Urinary incontinence in a community-based cohort: prevalence and healthcare-seeking.
Roberts RO. Jacobsen SJ. Rhodes T. Reilly WT. Girman CJ. Talley NJ. Lieber MM.
Department of Health Sciences Research, Mayo Clinic and Foundation, Rochester, Minnesota 55905, USA.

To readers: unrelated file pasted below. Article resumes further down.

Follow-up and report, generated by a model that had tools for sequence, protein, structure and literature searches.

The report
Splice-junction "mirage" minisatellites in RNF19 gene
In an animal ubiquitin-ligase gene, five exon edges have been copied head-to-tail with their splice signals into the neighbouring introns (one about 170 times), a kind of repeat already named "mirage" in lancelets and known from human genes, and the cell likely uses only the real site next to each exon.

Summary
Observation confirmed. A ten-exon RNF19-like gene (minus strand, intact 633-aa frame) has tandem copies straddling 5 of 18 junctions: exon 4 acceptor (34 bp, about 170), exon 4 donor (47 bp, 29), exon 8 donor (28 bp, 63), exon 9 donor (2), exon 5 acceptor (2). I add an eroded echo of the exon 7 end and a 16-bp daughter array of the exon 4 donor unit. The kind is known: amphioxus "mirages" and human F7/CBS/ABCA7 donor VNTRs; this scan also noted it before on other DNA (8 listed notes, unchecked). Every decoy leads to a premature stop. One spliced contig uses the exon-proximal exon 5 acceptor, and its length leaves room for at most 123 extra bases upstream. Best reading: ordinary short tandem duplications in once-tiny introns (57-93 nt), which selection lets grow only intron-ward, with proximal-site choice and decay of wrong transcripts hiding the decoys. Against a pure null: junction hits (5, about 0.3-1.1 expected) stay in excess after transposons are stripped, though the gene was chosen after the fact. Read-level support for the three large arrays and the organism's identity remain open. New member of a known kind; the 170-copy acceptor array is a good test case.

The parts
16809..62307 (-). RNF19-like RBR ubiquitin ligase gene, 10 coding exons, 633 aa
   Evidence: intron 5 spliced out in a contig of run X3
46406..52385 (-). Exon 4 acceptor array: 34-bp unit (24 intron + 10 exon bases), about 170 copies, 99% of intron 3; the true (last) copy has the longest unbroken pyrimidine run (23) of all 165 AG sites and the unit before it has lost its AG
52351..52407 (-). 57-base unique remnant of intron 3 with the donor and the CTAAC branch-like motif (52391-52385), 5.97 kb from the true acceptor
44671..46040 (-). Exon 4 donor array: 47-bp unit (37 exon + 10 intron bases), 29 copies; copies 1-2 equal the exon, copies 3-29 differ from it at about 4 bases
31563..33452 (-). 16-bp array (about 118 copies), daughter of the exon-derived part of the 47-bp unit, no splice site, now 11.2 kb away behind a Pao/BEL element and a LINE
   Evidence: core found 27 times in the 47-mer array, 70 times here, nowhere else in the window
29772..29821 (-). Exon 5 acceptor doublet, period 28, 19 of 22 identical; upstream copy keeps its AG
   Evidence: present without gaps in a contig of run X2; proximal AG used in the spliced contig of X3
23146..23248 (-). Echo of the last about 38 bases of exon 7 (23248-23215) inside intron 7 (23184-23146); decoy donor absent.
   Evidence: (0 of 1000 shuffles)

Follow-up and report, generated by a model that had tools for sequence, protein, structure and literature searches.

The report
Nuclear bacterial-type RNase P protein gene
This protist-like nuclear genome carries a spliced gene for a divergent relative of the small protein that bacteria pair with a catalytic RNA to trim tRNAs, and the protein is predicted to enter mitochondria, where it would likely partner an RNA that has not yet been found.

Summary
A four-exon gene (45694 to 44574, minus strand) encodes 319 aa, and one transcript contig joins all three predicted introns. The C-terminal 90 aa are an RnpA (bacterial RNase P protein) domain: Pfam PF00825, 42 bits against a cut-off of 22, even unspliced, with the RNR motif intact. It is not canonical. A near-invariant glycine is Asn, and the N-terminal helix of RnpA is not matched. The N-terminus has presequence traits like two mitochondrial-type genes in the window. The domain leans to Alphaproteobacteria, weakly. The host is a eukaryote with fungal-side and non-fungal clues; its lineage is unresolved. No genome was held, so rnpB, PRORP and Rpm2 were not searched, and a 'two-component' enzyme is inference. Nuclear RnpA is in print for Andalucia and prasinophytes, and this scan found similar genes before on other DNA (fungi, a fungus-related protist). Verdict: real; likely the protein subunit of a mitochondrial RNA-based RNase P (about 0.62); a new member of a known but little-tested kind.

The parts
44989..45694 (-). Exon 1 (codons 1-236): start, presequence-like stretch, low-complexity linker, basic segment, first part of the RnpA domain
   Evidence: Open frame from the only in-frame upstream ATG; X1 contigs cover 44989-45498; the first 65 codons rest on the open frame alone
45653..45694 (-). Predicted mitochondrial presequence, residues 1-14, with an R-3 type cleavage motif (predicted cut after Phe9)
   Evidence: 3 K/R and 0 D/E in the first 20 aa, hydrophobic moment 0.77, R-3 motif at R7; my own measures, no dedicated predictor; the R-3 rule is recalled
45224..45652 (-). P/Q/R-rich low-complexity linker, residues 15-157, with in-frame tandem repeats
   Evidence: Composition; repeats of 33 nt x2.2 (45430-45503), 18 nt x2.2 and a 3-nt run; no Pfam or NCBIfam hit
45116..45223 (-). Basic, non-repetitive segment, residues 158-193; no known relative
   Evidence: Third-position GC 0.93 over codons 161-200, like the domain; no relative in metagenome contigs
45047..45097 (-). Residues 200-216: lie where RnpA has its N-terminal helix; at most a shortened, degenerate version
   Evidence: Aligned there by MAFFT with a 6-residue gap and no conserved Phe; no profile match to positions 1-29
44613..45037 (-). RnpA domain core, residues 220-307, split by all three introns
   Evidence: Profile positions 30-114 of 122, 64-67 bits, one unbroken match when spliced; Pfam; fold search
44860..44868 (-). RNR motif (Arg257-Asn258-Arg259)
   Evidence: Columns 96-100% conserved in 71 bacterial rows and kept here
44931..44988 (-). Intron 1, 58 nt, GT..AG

OBJECTIVE: To estimate the prevalence of urinary incontinence and to assess care-seeking behavior for urinary symptoms among community-dwelling people. DESIGN: A community-based cross-sectional study. SETTING: Randomly selected men and women from Olmsted County, Minnesota. PARTICIPANTS: Two cohorts, one comprised of both men (n = 778) and women (n = 762) 50 years of age or older and a second comprised of men aged 40 years or older (n = 2150). MEASUREMENTS: Participants completed questionnaires assessing urinary incontinence in the previous 12 months, the number of days leaked, the amount leaked, and healthcare-seeking measures for urinary symptoms. RESULTS: In the first cohort, the prevalence of incontinence was 24% in men and 49% in women; 29% of men and 13% of women with incontinence had sought care for urinary symptoms. Urinary incontinence was more strongly associated with care-seeking measures for urinary symptoms in men (Odds Ratio (OR) = 4.3, 95% Confidence Interval (CI) = 2.4, 8.0) than in women (OR = 2.1, 95% CI = 1.2, 3.9). Moderate or severe urinary incontinence was associated significantly with care-seeking for urinary symptoms (OR = 10.5, 95% CI = 5.6, 19.8). In the second cohort, the prevalence of urinary incontinence was 17.3%; 8.5% of men with incontinence had sought care for urinary symptoms. Men with incontinence were 1.2 times (95% CI = .8, 1.9) as likely to seek care for urinary symptoms as men without incontinence. CONCLUSION: Our findings indicate that although urinary incontinence is relatively common in the community, care-seeking for urinary symptoms among persons with urinary incontinence is low, particularly among women, for whom the prevalence exceeds 40% between the ages of 50 and 70 years. These findings suggest that strategies to promote care-seeking for incontinence need to be investigated and employed in the community.